But President Paul’s real silver bullet would come two years into his term when he would get the opportunity to nominate a new Fed Chairman. As someone who entered public life in response to the end of the gold standard under Nixon, Paul is certain to appoint the most hawkish Fed Chairman the country has ever seen. This would immediately reverse the misfortunes of the US dollar and could impact gold’s rise.

But remember, even in this pie-in-the-sky scenario, it will still take years for Bernanke’s devaluation damage to fully circulate around the global economy. That means gold could still appreciate well into a Paul presidency.

Ultimately, a Paul presidency could also lead toward a gold standard monetary system. In such a case, gold is likely to carry an even higher value as the premium for serving as the international reserve asset.

Paul Presidency:

  • Bullish for gold
  • Bullish for USD

Rick Perry: The Big Spender

Rick Perry is a career politician now in his 11th year as Governor of Texas. He claims to be a tax-fighter, but he has signed several tax increases as Governor. To the extent that he has held the line on taxes, he’s overseen a more than doubling of Texas state debt. And not all of this money was going to pay for schools and roads. For instance, he created the $435 million Texas Enterprise Fund to subsidize politically connected businesses.

As a candidate, Perry has adopted Ron Paul’s rhetoric being critical of the Fed’s quantitative easing programs. He’s even gone as far as accusing Bernanke of “treason.” But he doesn’t show a deep understanding of what makes the Fed’s policies so destructive, and his campaign website makes no mention of monetary policy at all.

Still, Perry at least knows which way the wind is blowing, and he does have a record of vetoing expensive legislation. Overall, it’s hard to tell what kind of President he would be – a lot like it was for the last Texas Governor that become President. In the latter case, President George W. Bush claimed to be for small government and a humble foreign policy, but went the exact opposite way once elected.

Perry might make an attempt to change Washington’s direction, but he has neither the depth nor the steadfastness to really make it happen. Thus, the current gold/dollar dynamic would be likely to continue.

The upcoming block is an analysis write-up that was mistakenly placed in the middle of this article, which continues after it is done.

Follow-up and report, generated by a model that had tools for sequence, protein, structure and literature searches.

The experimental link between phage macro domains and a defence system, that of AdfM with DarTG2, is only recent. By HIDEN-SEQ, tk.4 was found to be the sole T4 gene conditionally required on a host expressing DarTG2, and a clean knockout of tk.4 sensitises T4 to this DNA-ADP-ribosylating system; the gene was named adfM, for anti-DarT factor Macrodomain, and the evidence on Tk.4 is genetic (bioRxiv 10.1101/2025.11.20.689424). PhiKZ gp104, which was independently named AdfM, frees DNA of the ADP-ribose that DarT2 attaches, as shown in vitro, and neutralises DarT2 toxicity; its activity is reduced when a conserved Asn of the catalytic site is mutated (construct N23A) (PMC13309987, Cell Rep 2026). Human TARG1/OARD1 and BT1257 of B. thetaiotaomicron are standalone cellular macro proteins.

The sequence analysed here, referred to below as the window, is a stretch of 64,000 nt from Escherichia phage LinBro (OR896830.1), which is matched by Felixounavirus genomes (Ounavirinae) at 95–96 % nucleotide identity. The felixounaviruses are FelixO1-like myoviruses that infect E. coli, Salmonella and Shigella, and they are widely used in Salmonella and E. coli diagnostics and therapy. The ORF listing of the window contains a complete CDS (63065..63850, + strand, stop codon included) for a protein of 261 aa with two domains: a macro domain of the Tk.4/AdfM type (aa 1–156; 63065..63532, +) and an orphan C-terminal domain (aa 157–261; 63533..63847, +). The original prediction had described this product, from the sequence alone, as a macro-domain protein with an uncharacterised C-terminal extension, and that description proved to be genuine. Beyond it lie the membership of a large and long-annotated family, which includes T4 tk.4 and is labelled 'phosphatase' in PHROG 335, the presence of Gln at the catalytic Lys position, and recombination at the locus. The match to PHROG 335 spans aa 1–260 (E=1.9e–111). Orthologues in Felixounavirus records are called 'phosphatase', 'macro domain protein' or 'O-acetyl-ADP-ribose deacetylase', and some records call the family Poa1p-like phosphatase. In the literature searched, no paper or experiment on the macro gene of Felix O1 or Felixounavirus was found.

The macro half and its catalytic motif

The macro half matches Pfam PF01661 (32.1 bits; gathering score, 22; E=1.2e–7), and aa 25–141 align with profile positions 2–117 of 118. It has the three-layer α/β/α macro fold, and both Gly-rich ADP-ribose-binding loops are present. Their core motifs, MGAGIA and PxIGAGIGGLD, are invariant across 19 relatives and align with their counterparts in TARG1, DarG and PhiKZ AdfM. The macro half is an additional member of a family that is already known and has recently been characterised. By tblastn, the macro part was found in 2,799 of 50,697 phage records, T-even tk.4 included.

Perry Presidency:

  • Bullish for gold
  • Bearish for USD

Newt Gingrich: The Benedict Arnold

In the mid-’90s, Newt Gingrich gained a reputation as a radical reformer after he led the Republicans to their first House majority in 40 years. He wrote a Contract with America, and made a good faith attempt to pass all of its provisions. This movement could be credited with stopping Hillarycare, enacting welfare reform, and reducing certain key taxes.

But in the years since, he has vocally supported programs like the costly Medicare Part D, teamed up with Hillary Clinton on healthcare, and supported mainstream Republican candidates over Tea Party challengers.

What happened? Clearly, Gingrich has been building bridges in order to be seen as a moderate candidate for his Presidential run.

If only he had kept to his original firebrand style, he might have had a shot at getting something done in the White House. Unfortunately, trying to become part of the establishment is a game with no end, and therefore Gingrich is likely to continue “reaching across the aisle” to author costly legislation. If he announces a Contract with Austerity, maybe I’ll change my tune.

Gingrich Presidency:

  • Bullish for gold
  • Very bearish for USD

How Important Is the President?

Despite what the media would have you believe, the President is not all-powerful. In fact, a President only has limited powers compared to Congress. Without the support of Congress and the American People, a President can be rendered a lame duck early on – like Jimmy Carter was.

The direction of gold under most candidates is fairly easy to predict – it will continue appreciating against the falling US dollar. This is simply because these candidates will not even attempt to address the disastrous fiscal and monetary policies that have brought us to this point.

The price direction under Ron Paul (and also Gary Johnson), however, would be less predictable. I believe both men would try their best to reverse the US decline that my strategy is insulating against.

In any case, even an authentic campaigner who understood the calamities of money-printing would be hard-pressed to actually save the dollar at this point. The history of fiat currencies has few – if any – examples of monetary debasement being reversed before the currency falls apart – and many cases of gold proving the superior asset.

Barack Obama: The Worst-Case Scenario

There is one candidate in 2012 that we can be sure won’t even try to save the dollar, and that is President Obama. From his doubling down on the bailouts to his faithful support of Chairman Bernanke, Obama has done almost everything in a President’s power to hasten the dollar’s demise.

If he is re-elected, which still seems like a possibility, then you better put on your mining hats because the gold rush is on!

Follow us on Twitter to stay up-to-date on Peter Schiff’s latest thoughts: @SchiffGold
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POSTED ON November 3, 2011  - POSTED IN Original Analysis

Casey Research’s Gold Commentary

The following conversation took place between a friend’s son and me. He’s a bright but relatively young investor. He had purchased some gold based on some things I’d told his father. Shortly afterward, the price dropped hard. As you’ll see, he was not very happy with my advice and said so in an email to me. So I called him…

I: Sounds like you’re upset.

Friend: Yeah, that’s putting it mildly. What the hell am I supposed to do now?

I: Because the gold price has dropped?

Friend: Yes! It’s down 15% in a month! I thought you said this was going to be a good investment.

I: It is. And it will be. You might even consider buying more here if you have the funds.

Friend: I have some other money, but why would I put it in gold? It’s losing money.

I: Because it’s on sale. Because it’s cheaper now than when you bought it. And especially because none of the reasons for buying it have gone away.

Friend: That doesn’t mean it’s going to go back up.